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2018-10-08 - 5 min read.

Securely managing 2FA secrets

by James Hale

As much as I can, I tend to MFA all the things. Even if the account isn’t particularly sensitive, if it supports MFA and my name or any personal details are attached to it, it gets MFA enabled. This leaves me with a lot of 2FA shared secrets that need to be stored securely.

I, like most, started out by using Google Authenticator to generate 2FA codes. It served the purpose, but there was one time where my phone got reset and I lost all of my 2FA codes. That sucked. There is no native way to back up or export shared secrets from Google Authenticator, so there wasn’t an obvious mitigation strategy to be had.

Clearly, I needed a more resilient way to do this. I’ve iterated through a couple of solutions, and this is what I’ve landed on.

Not looking to get burned again, I started to use Authy for my 2FA storage. Authy lets you sync 2FA codes between devices, so it would ensure that I could still get into my accounts, should my phone get trashed or stolen. I used Authy for a while and even recommended it to others.

Although I liked the problem that they solved, the fact that it was browser-based, really bugged me and I never got over it. I also have a general distrust of cloud-syncing services that hold really sensitive data, unless I have a pretty solid understanding of the encryption being used, or I control it myself (I hold the keys).

Also, Authy being browser-based add another exfil vector if my browser has something nefarious installed.

I wanted to switch back to Google Authenticator, but I didn’t want to have to re-issue all of my 2FA shared secrets. Aside from being a general pain (we’re talking like 30+), it was prone to errors and if I rushed through one, I risked locking myself out of that account.

So, I looked for a way to extract my Authy shared secrets so that I could re-enroll them in Authenticator, but having learned my lesson from last time, also back them up in a offline KeePass database.

I found a GitHub Gist thread that talks about using the Chrome console to pull the secrets from a decrypted Authy Chrome app. Authy to 1Password · GitHub

The comment that is linked provides a really elegant way to have Authy dump those to the Chrome console.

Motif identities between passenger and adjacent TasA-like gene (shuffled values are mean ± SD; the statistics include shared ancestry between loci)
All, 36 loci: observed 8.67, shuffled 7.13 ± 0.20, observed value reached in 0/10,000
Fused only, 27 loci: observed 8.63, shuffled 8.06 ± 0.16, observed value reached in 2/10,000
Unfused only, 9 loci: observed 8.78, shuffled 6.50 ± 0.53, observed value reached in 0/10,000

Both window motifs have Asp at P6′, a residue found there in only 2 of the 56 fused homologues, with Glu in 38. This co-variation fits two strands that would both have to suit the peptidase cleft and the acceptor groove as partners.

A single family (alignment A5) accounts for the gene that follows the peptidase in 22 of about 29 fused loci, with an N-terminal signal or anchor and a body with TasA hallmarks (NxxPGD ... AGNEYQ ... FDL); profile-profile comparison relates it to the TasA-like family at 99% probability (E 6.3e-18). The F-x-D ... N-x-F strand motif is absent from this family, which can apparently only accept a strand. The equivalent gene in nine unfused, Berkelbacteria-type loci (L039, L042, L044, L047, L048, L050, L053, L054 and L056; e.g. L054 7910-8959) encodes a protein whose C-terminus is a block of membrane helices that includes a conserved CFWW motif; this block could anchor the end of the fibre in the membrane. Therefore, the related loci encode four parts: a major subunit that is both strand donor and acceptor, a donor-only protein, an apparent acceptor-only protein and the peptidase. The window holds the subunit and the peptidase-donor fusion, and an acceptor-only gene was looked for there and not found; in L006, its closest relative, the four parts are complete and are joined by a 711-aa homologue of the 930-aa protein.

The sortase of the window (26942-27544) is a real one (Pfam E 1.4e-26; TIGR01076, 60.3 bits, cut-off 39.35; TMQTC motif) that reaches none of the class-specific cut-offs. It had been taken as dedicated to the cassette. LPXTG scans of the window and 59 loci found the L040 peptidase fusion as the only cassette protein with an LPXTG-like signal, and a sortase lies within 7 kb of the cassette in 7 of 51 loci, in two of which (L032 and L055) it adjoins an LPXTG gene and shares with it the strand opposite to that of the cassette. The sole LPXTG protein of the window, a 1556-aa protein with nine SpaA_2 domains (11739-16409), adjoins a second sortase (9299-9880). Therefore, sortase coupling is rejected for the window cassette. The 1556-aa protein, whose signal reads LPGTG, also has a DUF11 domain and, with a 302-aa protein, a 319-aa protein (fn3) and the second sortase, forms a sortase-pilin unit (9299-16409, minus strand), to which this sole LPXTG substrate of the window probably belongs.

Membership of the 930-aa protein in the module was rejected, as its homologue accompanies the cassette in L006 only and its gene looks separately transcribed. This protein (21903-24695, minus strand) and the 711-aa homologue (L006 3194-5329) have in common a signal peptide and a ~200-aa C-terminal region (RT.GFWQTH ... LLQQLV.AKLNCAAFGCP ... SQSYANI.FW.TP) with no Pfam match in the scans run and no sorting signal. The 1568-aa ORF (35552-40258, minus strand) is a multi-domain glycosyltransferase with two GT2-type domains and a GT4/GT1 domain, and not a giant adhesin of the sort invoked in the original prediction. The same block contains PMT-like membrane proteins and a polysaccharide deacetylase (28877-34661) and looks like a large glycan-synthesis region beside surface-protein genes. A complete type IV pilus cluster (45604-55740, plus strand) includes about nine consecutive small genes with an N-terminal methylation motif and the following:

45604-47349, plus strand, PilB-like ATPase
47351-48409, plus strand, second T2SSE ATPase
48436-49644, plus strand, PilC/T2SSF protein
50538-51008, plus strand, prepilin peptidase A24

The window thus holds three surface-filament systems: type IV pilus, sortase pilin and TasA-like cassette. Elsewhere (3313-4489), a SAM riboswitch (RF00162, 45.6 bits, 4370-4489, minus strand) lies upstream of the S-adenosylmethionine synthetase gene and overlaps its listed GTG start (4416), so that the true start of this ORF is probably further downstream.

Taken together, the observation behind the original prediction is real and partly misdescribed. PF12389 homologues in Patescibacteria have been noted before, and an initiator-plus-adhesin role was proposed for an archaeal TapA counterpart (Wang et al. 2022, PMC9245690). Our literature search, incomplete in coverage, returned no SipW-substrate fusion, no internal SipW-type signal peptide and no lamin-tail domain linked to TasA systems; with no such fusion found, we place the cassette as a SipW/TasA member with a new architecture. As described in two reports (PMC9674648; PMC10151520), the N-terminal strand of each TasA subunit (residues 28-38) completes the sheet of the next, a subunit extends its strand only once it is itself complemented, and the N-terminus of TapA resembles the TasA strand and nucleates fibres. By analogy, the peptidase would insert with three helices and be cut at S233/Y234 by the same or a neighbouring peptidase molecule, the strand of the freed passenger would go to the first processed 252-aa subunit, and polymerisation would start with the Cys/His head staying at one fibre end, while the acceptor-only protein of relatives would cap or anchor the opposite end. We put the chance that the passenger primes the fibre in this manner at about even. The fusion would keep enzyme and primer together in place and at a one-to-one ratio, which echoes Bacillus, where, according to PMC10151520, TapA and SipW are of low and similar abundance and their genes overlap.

Although, one thing to note: This method does not work for “Authy-native” 2FA accounts. I have two of which, Coinbase and Cloudflare. I’ll need to deal with those separately, but I wanted urge caution here. As the console output doesn’t tell you about those. They’re just quietly omitted.

I took this solution and tweaked the output slightly to massage it into a valid CSV that KeePass with import without issue.

Here are the full steps to get from Authy to KeePass.

In Chrome (67.0.3396.99 as of this post, but later versions will probably work):

  if(i.markedForDeletion === false){

After you have the resulting CSV, you can import it into KeePass. As far as I can tell, you cannot import a CSV into an existing KDB, you must create a new one. However, you can merge this new KDB into an existing KDB after the fact.

You can optionally confirm that the shared secret string that you have exported is generating the expected 2FA code, using oathtool.

On Mac:

brew install oath-toolkit
oathtool --totp --base32 <SHARED_SECRET_FROM_KEEPASS>

Compare this value to the value that you get in your existing Authy app.

Note: this shared secret is considered sensitive info! It is highly encouraged to prepend the oathtool command with a space, if your shell supports that as a way to not add it to your history, or otherwise remove the entry from your $HISTFILE, as appropriate.

Once everything is nestled nice and safe into KeePass, be sure to shred and delete the CSV and any temp files that may have been created.

gshred -u shared-secrets.csv tmpfile
tags: mfa - passwords